Following the occurrence, Jazz Aviation now provides training on recovery from high descent rates close to the ground to all DHC-8 pilots, and has made improvements to its operating procedures, including amending its short-field landing technique and clarifying stabilized approach and landing criteria.
]]>Adjusted net income increased 21 per cent to $139 million MONTREAL, Aug. 7, 2014 /CNW Telbec/ - Air Canada today reported second quarter adjusted net income (1) of $139 million or $0.47
Several factors led to a risk of collision for an aircraft landing at Toronto's Lester B. Pearson Airport in March 2013
Toronto, Ontario, 30 July 2014 – In its investigation report (A13O0045) released today, the Transportation Safety Board of Canada (TSB) determined that a number of factors contributed to an unattended maintenance van crossing the active runway while an aircraft was landing at the Toronto/Lester B. Pearson International Airport on 11 March 2013. There were no injuries.
A Sunwing Airlines aircraft maintenance technician was in a van parked near the nose of one of the company’s aircraft. The technician exited the van to perform various duties outside the aircraft and then boarded it to check the cockpit. Meanwhile, the van had rolled to and crossed the active arrival runway as an aircraft prepared to land. Air traffic control noticed a ground radar target as the driverless van crossed the runway, and instructed the Air Canada Embraer 190 to pull up and go around. Despite two calls to go around, the Air Canada flight continued its approach, flew over the van at a height of approximately 35 feet and landed.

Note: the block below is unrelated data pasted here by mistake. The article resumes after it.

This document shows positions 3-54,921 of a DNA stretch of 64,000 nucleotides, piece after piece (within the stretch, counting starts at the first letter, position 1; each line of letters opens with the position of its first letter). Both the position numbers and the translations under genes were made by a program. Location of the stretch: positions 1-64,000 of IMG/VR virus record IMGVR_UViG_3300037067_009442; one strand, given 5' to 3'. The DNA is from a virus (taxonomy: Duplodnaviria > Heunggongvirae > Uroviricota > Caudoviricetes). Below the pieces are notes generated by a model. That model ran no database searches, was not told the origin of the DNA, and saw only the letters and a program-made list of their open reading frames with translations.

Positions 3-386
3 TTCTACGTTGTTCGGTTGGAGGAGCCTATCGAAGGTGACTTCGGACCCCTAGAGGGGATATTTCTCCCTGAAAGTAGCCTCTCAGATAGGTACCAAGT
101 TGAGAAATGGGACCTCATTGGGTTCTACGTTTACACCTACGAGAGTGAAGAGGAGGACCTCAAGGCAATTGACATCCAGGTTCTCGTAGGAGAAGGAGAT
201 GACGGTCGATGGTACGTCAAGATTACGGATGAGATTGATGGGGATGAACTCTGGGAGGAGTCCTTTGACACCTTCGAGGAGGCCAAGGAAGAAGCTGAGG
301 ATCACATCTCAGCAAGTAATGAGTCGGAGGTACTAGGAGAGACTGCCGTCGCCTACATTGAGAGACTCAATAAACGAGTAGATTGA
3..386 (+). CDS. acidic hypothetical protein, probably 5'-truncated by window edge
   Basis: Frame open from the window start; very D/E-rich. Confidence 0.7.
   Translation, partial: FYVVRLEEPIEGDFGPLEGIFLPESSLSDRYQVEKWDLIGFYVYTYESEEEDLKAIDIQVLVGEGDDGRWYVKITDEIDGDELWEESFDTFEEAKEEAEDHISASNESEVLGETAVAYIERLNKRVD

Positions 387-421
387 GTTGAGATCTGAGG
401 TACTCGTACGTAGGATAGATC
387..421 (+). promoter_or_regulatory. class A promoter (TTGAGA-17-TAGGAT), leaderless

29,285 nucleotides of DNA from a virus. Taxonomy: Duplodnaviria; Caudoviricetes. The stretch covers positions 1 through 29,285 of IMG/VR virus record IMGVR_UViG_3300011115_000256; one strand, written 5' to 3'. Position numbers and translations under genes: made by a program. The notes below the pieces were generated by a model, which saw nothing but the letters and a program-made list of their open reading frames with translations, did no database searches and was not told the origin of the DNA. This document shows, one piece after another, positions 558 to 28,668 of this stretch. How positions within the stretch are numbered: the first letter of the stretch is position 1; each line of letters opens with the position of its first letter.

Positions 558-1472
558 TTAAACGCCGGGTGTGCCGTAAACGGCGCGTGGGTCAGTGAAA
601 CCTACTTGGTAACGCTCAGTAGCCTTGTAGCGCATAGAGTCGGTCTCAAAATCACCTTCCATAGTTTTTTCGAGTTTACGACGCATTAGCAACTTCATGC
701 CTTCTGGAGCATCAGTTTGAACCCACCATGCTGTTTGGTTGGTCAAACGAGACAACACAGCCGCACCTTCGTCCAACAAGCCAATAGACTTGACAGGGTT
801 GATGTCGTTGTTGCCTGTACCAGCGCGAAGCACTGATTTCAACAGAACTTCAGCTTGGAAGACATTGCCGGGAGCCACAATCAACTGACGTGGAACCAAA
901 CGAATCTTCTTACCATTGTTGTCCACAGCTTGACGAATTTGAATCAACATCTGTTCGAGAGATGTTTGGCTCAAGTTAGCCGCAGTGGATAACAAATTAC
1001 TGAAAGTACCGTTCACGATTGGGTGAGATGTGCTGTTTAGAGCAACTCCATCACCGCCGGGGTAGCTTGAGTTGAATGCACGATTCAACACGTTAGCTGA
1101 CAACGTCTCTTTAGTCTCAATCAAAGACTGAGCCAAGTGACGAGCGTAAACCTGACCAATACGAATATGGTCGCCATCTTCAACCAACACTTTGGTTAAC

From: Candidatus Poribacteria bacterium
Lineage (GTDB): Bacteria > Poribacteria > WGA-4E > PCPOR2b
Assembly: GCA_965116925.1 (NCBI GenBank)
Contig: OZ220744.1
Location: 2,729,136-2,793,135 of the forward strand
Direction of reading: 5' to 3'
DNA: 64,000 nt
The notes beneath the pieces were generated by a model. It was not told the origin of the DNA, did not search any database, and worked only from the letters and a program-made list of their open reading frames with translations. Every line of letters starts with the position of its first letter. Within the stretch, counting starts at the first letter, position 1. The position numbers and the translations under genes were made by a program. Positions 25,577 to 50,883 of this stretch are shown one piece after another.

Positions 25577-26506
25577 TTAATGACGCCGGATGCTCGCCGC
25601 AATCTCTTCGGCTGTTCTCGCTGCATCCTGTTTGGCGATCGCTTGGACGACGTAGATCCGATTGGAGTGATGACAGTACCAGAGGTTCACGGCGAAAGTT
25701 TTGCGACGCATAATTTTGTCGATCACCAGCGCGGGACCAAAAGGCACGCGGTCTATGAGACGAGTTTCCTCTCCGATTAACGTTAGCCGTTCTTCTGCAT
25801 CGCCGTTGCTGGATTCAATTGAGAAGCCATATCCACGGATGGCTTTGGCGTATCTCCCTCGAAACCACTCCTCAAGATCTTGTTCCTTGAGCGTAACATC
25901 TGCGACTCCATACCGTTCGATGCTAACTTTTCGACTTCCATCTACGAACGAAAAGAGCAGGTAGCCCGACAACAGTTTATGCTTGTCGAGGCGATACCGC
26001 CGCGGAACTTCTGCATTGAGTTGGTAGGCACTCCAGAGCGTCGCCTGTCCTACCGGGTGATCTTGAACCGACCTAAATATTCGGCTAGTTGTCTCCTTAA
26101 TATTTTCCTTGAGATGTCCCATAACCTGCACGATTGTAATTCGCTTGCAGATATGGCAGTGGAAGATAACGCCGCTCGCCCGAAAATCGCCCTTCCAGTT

The investigation found that the van rolled across the active arrival runway because it was left unattended with the engine running and the drive gear engaged. The first air traffic control instruction to the Embraer’s flight crew to go around was masked by the sound of the ground proximity warning system in the cockpit, and therefore not heard by the flight crew. The second go-around instruction went unnoticed by the flight crew because it was truncated and the crew did not hear the aircraft call sign. Without supporting visual cues, the crew did not interpret the second call as applying to them.
Following the occurrence, the Greater Toronto Airports Authority (GTAA) issued directives to the Toronto Pearson aviation community reiterating the prohibition against leaving vehicles idling and unsecured on the airside. The GTAA also published and disseminated information on the luminosity requirements for vehicle roof beacons and did spot checks to inspect beacons and require inoperative or inadequate beacons to be repaired or replaced. Sunwing Airlines reported to Transport Canada that it has inspected all of its airside vehicles and ensured that their roof beacons meet specified luminosity standards.
Risk of collisions on runways is a TSB Watchlist issue. Watch the video!